Better Body Image

As parents, we worry how to prevent our children from succumbing to the pressure to look a certain way.  Because there is indeed pressure.  We also might wonder where the line between negative body image and an eating disorder lies.  In my experience, negative body image is often the first symptom in the development of an eating disorder.  It is also typically the last symptom to be resolved in the recovery from an eating disorder.  It is time to develop a better body image – for us all.

The Beginnings of Body Image

Negative body image is a rampant problem that affects people throughout their lifetimes. Children as young as 8 years of age describe having negative thoughts about their bodies.  Research has also shown that body image dissatisfaction tends to remain stable throughout the lifetime unless it is addressed directly.

Adolescents who struggle with body dissatisfaction are more likely to engage in unhealthy weight control behaviors.  They also experience greater gains in weight over time and struggle with negative self-esteem and depression. Studies have shown that a significant proportion of the general American population experiences body image dissatisfaction.  Those numbers increase if we look at specific populations, such as people with higher body mass index (BMI), those who have experienced trauma, people in performance groups including sports, those with chronic/severe medical conditions, and gay males, to name a few.

What is Body Image?

Before going further, it is important to define body image.   What does it mean to have negative body image or body image dissatisfaction? Body image refers to a person’s evaluation of their own body. Specifically, research defines body image as how a person thinks, feels, and acts in response to their body weight and shape.

To be clear, body image is not the same as a person’s actual body.  Size, shape, and weight are not taken into account when assessing a person’s body image. People of all shapes and sizes can have body image dissatisfaction.  The reverse is also true; people can have body image satisfaction regardless of their shape, size, and weight.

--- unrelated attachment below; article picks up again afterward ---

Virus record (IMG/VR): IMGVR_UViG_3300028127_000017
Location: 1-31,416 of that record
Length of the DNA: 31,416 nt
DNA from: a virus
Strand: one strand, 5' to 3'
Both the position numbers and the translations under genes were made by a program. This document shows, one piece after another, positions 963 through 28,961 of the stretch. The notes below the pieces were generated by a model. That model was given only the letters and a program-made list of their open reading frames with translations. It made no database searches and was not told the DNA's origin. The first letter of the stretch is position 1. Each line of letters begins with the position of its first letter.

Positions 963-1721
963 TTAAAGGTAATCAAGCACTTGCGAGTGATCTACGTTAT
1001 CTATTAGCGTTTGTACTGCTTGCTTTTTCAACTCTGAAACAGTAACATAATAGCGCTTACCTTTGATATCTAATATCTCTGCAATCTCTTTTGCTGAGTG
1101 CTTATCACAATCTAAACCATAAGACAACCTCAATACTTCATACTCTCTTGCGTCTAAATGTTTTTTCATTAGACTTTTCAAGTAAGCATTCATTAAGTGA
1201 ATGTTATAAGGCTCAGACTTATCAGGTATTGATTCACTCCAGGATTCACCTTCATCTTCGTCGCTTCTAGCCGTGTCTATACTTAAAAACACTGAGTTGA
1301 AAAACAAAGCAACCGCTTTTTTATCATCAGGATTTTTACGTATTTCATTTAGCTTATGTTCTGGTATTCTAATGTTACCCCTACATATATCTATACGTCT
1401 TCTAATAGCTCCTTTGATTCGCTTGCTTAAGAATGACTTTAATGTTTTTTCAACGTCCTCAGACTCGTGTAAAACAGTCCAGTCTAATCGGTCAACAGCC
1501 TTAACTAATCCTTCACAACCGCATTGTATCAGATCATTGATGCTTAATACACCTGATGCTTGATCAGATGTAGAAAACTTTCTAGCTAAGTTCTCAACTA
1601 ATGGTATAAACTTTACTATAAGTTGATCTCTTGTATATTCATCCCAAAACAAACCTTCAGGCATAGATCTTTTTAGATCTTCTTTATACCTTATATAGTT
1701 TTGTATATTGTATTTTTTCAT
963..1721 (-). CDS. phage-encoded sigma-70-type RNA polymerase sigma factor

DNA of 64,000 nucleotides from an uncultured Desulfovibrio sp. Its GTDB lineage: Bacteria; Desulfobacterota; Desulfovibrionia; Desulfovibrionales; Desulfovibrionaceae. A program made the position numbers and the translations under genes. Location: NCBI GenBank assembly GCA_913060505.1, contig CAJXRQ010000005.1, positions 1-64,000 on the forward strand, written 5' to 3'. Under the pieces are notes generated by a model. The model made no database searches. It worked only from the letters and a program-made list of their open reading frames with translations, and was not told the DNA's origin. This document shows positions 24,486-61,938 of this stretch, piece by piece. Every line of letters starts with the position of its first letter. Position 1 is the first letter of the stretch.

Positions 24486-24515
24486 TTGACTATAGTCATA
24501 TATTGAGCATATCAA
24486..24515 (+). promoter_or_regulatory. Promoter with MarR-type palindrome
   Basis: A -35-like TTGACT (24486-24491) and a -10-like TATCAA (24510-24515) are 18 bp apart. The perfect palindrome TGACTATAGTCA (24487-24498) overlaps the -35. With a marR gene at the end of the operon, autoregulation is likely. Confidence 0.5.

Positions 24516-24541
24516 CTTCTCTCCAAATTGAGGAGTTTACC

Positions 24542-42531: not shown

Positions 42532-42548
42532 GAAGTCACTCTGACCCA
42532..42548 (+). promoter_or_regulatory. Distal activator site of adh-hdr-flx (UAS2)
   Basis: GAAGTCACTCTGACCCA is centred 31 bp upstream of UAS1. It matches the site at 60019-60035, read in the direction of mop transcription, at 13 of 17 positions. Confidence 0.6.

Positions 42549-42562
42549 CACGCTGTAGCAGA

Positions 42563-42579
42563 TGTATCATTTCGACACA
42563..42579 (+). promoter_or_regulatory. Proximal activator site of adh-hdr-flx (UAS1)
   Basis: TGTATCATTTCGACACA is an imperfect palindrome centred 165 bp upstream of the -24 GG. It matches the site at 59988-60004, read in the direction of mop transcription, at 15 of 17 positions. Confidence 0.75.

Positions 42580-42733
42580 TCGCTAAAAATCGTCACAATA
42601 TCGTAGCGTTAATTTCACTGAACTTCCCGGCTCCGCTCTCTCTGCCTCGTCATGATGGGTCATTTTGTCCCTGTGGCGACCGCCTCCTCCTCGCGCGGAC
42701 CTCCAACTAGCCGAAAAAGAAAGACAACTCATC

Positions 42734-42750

Common Body Image Misconceptions

Many individuals make the mistake of believing that in order for them to become satisfied with their bodies, their body needs to change in some way. However, this is not the case. For example, I have worked with countless individuals who have lost weight but still felt negatively about their bodies.

Many times, I have also heard people say something that goes like this: “I have always hated my body. I remember being a teenager and thinking I was so fat. But looking back at pictures, I realize I was really not that much bigger than my friends. If I could go back to that size now, I’d be happy.”

In these examples, regardless of a person’s size, they still felt badly about their bodies. Simply losing weight does not change the fact that a person thinks they need to be thinner to be “better.”

Because body image is the way in which a person evaluates their body, it is not their body that needs to change, but the way they think and feel about their body that needs to shift. To do this, it is necessary to move away from over-valuing appearance and toward acceptance and valuing function to develop more neutral and positive thoughts about our bodies.

The Development of One’s Own Body Image

We know that an individual’s body image is shaped by several factors. These factors include family, peers, experiences across the lifespan, cultural ideals, and media messages.

Family Influence